To put the safety limit in perspective: A person weighing 60 kilograms would have to drink at least 300 liters of water stored in polycarbonate water containers each day for their whole life before reaching the safe limit established by the European Food Safety Authority.
Based on numerous scientifically valid and high-quality studies, Covestro is confident that BPA can be safely used in its intended areas of application. In the case, for example, of food safety, this is supported by the latest evaluations from the responsible European and American authorities, namely the European Food Safety Authority (EFSA) and Food and Drug Administration (FDA). Reflecting this conviction, Covestro is working actively within the framework of regulatory processes to dispel uncertainties and answer open questions.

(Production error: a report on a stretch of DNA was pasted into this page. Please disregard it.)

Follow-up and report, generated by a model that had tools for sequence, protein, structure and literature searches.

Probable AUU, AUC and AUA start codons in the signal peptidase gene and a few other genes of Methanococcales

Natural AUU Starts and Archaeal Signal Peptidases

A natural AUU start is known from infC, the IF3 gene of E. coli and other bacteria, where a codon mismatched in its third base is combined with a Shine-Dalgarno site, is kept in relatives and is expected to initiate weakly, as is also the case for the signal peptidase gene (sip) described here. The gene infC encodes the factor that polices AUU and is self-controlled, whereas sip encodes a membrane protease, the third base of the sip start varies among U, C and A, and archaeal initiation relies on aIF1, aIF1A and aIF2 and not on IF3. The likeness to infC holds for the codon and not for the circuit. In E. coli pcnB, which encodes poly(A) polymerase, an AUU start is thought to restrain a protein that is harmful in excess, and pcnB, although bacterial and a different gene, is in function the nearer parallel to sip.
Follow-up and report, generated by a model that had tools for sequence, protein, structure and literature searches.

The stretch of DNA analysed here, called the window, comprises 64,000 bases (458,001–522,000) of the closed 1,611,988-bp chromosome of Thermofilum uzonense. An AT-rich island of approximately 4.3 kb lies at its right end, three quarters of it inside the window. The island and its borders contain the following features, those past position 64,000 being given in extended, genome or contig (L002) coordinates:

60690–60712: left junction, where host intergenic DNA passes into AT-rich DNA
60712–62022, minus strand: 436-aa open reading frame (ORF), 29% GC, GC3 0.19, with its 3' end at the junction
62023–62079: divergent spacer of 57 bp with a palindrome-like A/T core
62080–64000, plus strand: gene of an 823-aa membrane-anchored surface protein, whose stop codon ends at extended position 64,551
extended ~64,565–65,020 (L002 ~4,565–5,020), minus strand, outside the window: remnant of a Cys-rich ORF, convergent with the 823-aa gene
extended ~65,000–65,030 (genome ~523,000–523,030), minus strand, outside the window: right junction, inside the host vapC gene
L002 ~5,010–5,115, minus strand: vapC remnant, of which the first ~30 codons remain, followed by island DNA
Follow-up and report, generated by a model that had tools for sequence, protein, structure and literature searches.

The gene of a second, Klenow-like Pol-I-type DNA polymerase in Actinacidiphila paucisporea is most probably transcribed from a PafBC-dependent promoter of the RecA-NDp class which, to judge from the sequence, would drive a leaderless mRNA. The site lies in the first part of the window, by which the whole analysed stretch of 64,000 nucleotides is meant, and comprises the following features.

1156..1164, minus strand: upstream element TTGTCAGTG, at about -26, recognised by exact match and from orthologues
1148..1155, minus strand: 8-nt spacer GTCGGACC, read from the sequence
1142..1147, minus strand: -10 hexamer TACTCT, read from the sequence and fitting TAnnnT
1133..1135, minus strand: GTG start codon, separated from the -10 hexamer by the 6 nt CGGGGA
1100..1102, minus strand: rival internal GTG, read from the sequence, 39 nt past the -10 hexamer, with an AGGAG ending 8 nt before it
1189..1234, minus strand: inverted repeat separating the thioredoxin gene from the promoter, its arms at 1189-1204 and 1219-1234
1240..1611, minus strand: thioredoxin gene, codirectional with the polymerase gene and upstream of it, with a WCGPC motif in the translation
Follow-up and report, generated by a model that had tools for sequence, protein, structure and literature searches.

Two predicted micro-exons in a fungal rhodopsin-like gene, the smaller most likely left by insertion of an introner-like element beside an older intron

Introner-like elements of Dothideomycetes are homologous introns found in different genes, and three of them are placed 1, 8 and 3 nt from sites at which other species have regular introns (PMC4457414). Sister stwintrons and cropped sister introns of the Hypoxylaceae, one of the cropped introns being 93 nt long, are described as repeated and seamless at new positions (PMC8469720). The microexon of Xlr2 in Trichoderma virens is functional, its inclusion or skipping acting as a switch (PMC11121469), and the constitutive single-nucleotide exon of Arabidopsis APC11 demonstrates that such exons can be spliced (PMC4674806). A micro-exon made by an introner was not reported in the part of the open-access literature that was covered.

Questions and answers on Bisphenol A
Bisphenol A, also commonly referred to as BPA, is an organic chemical which is the essential basic building block (intermediate) for high performance polymer plastics and coatings, mainly polycarbonate plastic and epoxy resins.
How does Covestro use BPA?
At Covestro, Bisphenol A is mainly used as an intermediate to create polycarbonate plastic. Polycarbonate plastic is often selected because of its unique combination of properties, such as clarity, durability, light weight, mechanical strength and its heat resistance, which are essential for many applications.
End-user applications of BPA-based polycarbonate plastic are numerous and diverse, ranging from DVDs, housings of computers and home appliances, to spectacles and optical lenses, reusable water bottles, food storage containers, medical equipment, construction materials and many more.